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Ports and Adapters


Updated to "adopt"


Ports and Adapters is an architecture or layering approach for software design. As with other layering approaches, it separates different concerns in different layers, where dependencies are only allowed from the outside to the inside.

We use "ports and adapters" with success for (larger) applications, which contain certain business logic and/or provide several ways to access the services. We often use the approach hand-in-hand with Domain Driven Design. In comparison with other layering patterns (e.g. layered architecture) it allows you to have a true technology-free core (domain) model. Why? Because, with the concept of "secondary ports" (=interfaces), it inverts the control and allows outer layers to provide adapters (=implementations of the defined interface). It also defines clear boundaries regarding where to put what logic of your application.

You can find out more about the details and its origins in well-known blog posts such as The Clean Architecture or Hexagonal architecture

In short, here is how we often layer such applications:

  • Domain:
    • Is the inner layer and contains the technology-free domain model
    • Often uses building blocks from Domain Driven Design
    • It defines primary and secondary ports. (E.g. a secondary port is in "interface" that needs to be implemented in the infrastructure layer.)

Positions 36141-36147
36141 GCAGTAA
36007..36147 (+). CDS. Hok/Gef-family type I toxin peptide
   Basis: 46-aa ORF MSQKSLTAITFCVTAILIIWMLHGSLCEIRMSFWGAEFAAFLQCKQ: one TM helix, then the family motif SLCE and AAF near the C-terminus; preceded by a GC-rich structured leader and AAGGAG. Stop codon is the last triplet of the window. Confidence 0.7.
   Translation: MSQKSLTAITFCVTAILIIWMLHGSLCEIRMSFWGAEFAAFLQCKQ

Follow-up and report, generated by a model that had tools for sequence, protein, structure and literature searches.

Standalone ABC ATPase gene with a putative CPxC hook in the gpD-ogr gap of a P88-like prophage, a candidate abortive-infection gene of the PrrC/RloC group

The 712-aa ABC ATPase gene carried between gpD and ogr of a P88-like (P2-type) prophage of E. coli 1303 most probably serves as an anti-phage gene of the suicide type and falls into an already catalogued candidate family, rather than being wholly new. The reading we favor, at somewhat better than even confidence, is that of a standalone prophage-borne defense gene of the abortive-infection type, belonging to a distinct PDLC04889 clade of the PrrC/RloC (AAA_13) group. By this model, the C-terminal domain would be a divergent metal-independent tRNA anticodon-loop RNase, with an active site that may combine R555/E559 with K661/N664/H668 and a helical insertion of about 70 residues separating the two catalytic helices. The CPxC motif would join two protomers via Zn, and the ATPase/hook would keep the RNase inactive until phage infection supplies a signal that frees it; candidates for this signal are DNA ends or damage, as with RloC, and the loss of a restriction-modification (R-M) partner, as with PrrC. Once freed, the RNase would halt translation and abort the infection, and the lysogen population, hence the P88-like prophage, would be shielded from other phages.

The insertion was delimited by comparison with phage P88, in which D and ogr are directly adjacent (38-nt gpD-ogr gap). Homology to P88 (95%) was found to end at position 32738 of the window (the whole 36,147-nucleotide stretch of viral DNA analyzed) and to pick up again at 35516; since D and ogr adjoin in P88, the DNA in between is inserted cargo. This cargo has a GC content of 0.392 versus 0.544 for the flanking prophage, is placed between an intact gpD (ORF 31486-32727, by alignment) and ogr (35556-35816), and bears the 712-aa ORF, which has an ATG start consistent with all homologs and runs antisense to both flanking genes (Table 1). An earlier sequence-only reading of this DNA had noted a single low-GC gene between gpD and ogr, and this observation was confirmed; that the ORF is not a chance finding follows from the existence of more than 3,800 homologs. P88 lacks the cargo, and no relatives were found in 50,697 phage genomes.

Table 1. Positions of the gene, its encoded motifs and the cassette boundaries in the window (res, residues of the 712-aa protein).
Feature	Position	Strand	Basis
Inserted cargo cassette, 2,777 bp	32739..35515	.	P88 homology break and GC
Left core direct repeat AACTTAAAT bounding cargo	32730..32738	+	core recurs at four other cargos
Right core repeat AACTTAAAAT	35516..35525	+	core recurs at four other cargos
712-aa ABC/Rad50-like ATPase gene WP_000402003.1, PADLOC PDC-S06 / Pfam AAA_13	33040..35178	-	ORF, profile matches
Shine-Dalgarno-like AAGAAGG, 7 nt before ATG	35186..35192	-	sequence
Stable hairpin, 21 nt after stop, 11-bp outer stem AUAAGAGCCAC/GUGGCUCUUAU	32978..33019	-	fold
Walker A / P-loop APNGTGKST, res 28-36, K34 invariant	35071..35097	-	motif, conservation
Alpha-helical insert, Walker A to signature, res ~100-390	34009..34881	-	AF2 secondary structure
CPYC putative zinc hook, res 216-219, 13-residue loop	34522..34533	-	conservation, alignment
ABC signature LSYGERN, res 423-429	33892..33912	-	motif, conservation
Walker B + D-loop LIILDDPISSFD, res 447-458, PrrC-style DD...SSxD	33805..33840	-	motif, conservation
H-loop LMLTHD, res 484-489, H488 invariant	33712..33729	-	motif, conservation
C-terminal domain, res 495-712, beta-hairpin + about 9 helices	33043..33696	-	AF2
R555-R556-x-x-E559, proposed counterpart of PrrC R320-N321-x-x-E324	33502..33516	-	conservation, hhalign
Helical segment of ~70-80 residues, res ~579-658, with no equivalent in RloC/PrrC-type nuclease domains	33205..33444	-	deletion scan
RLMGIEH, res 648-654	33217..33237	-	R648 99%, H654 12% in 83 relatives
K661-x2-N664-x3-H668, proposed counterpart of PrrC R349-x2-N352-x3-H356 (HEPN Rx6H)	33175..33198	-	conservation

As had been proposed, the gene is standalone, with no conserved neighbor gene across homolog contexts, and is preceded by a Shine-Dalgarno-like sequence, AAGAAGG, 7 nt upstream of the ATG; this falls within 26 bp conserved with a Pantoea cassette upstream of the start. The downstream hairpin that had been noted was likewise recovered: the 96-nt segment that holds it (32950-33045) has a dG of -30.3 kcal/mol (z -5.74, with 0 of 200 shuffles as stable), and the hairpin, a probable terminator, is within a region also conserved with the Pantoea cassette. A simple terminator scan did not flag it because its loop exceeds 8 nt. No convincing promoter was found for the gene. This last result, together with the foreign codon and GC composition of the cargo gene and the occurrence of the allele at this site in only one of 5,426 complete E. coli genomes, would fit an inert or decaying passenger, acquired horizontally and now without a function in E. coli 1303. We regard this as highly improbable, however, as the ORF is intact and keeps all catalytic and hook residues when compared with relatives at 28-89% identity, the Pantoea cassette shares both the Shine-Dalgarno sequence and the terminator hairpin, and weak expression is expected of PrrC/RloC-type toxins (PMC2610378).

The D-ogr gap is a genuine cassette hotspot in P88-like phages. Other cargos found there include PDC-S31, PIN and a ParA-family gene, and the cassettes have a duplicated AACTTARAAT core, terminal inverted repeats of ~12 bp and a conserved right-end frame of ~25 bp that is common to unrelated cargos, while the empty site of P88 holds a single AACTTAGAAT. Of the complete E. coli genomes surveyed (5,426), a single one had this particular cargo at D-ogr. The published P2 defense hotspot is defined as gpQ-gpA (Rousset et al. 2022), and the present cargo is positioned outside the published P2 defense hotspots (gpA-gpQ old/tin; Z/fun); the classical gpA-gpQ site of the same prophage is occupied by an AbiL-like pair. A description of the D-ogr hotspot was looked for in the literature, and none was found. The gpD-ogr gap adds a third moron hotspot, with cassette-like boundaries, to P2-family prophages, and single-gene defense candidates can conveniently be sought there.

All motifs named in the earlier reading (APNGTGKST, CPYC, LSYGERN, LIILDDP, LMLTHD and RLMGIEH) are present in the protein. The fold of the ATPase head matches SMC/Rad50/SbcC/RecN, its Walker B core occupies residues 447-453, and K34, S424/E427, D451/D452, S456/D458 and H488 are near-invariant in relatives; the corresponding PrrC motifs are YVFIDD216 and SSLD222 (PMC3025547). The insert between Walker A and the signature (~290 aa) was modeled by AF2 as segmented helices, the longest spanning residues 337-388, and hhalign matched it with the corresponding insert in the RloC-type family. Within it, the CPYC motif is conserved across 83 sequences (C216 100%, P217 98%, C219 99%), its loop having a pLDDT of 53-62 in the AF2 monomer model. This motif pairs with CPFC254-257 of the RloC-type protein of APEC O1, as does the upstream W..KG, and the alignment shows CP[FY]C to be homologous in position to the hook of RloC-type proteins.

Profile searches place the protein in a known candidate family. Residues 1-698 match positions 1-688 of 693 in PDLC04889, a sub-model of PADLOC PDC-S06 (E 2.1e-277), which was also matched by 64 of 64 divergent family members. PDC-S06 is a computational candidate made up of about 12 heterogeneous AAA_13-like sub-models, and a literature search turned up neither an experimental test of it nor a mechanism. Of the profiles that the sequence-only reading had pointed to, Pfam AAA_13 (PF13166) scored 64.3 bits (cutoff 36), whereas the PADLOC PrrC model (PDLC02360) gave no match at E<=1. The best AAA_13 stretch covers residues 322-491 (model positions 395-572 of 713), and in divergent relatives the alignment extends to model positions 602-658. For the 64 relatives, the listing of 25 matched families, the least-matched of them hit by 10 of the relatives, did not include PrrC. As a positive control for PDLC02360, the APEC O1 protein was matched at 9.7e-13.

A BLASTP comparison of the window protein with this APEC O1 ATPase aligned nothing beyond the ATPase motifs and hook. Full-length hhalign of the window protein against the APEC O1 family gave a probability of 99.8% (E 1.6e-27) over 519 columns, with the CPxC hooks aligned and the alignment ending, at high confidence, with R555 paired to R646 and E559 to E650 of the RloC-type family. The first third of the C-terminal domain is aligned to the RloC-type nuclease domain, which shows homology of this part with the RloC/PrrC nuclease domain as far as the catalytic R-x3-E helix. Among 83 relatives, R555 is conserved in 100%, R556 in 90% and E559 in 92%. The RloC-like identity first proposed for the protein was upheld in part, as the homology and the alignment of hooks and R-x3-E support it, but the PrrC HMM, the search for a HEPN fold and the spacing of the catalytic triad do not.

• Application:
    • Contains the Application's API and Services, that are developed around the use cases in the application requirements.
    • These use cases orchestrate the flow of data to and from the domain
  • Interfaces:
    • Contain everything required to convert data from the format most-convenient for the use cases (e.g. in the application layer) to the format required for external agency/access
    • e.g. (Web) Controllers / DTOs for handling forms, etc.
  • Infrastructure:
    • This layer is where all the (technical) details live. (The database and persistence is a detail, the communication format and mappings with external services is a detail, etc.)
    • In this layer you typically have adapters for the secondary ports that have been defined in the layers below. (e.g. an Implementation of a Repository interface from the Domain layer)

These layers belong to every bounded context (modules) inside the application.

Are you searching for a potential timeless architecture for your critical application? Try implementing a potent technology-free domain model in the core layer and use ports and adapters to layer your application.